In northern France and northern Italy, airports are to remain shut until at least Monday.Unable to catch flights, commuters across northern Europe have sought other means of transport, packing out trains, buses and ferries.The Eurostar cross-channel rail service said it had never seen so many passengers on one day and the trains were fully booked until Monday.The large no-fly zone also means that some world leaders, including US President Barack Obama, will not be attending the funeral of the Polish president on Sunday. British health officials said any effects of the ash on people with existing respiratory conditions were "likely to be short term".Southern Iceland's Eyjafjallajoekull volcano began erupting for the second time in a month on Wednesday, sending a plume of ash 8.5km (5.3 miles) high into the air.Icelandic geologist Magnus Tumi Gudmundsson told the Associated Press news agency: "It's the magma mixing with the water that creates the explosivity. Unfortunately, there doesn't seem to be an end in sight."Iceland lies on the Mid-Atlantic Ridge, the highly volatile boundary between the Eurasian and North American continental plates.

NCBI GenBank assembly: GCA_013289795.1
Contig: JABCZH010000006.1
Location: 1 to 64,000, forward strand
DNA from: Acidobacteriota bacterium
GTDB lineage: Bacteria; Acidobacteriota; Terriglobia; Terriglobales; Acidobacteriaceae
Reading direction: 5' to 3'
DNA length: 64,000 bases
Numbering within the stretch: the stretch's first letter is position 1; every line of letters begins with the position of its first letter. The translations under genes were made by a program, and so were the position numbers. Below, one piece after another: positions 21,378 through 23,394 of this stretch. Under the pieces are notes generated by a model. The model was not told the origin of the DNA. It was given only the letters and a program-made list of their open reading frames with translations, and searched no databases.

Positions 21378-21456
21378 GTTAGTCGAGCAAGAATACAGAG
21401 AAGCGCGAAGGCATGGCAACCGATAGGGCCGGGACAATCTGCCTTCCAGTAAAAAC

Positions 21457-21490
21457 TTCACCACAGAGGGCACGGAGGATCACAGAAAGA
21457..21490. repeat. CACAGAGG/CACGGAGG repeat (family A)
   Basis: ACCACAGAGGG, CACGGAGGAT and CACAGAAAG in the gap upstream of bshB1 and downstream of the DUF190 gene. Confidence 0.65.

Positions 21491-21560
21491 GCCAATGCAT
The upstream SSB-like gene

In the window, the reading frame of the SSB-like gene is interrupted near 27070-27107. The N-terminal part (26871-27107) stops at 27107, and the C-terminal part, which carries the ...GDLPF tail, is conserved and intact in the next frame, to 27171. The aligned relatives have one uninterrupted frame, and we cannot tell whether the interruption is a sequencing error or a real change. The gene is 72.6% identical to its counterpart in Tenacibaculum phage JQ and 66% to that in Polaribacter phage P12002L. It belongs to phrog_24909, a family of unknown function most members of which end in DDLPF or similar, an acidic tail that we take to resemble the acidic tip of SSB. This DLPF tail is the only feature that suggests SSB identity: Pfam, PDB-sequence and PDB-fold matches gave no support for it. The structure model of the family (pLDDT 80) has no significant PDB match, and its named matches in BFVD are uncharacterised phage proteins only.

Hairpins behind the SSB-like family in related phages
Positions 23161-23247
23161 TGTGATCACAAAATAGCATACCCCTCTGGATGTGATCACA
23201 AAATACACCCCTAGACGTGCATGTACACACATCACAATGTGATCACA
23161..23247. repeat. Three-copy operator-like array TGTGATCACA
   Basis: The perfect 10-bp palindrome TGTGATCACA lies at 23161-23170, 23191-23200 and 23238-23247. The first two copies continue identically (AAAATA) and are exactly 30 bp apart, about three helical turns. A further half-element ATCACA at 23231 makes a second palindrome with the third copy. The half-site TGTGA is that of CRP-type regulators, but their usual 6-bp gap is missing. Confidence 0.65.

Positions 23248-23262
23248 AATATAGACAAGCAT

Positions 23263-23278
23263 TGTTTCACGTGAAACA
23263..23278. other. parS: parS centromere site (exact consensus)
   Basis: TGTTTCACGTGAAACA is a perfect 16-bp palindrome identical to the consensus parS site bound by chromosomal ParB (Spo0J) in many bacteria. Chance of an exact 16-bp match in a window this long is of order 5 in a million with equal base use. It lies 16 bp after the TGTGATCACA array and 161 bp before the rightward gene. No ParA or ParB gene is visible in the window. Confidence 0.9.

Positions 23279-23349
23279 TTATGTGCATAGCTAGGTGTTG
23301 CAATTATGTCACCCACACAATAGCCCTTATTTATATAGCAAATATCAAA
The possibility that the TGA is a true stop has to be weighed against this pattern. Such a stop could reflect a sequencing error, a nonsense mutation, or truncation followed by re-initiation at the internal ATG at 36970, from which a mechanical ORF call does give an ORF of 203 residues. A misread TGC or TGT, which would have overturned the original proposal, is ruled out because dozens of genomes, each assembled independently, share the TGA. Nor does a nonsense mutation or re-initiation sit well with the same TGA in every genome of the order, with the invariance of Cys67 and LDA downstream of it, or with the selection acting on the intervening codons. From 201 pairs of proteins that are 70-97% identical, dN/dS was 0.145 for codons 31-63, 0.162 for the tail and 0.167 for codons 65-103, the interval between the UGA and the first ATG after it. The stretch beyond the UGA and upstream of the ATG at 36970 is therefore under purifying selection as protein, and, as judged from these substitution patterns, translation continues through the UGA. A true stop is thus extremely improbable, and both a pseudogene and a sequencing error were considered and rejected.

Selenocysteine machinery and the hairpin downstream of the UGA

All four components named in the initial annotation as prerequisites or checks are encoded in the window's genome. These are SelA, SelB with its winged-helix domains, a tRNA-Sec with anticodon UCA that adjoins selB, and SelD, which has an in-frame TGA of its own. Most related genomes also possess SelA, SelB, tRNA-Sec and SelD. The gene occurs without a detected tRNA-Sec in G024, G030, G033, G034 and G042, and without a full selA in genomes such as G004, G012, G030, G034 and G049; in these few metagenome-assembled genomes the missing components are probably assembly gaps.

Schools Threatened With Closure In Camps In Northwestern Pakistan

The United Nations Children's Fund warns it may be forced to shut down schools for more than 19,000 children in camps for internally displaced people in Northwestern Pakistan by the end of the month because it has run out of cash. UNICEF is appealing to donors to come up with the money to keep these children in school.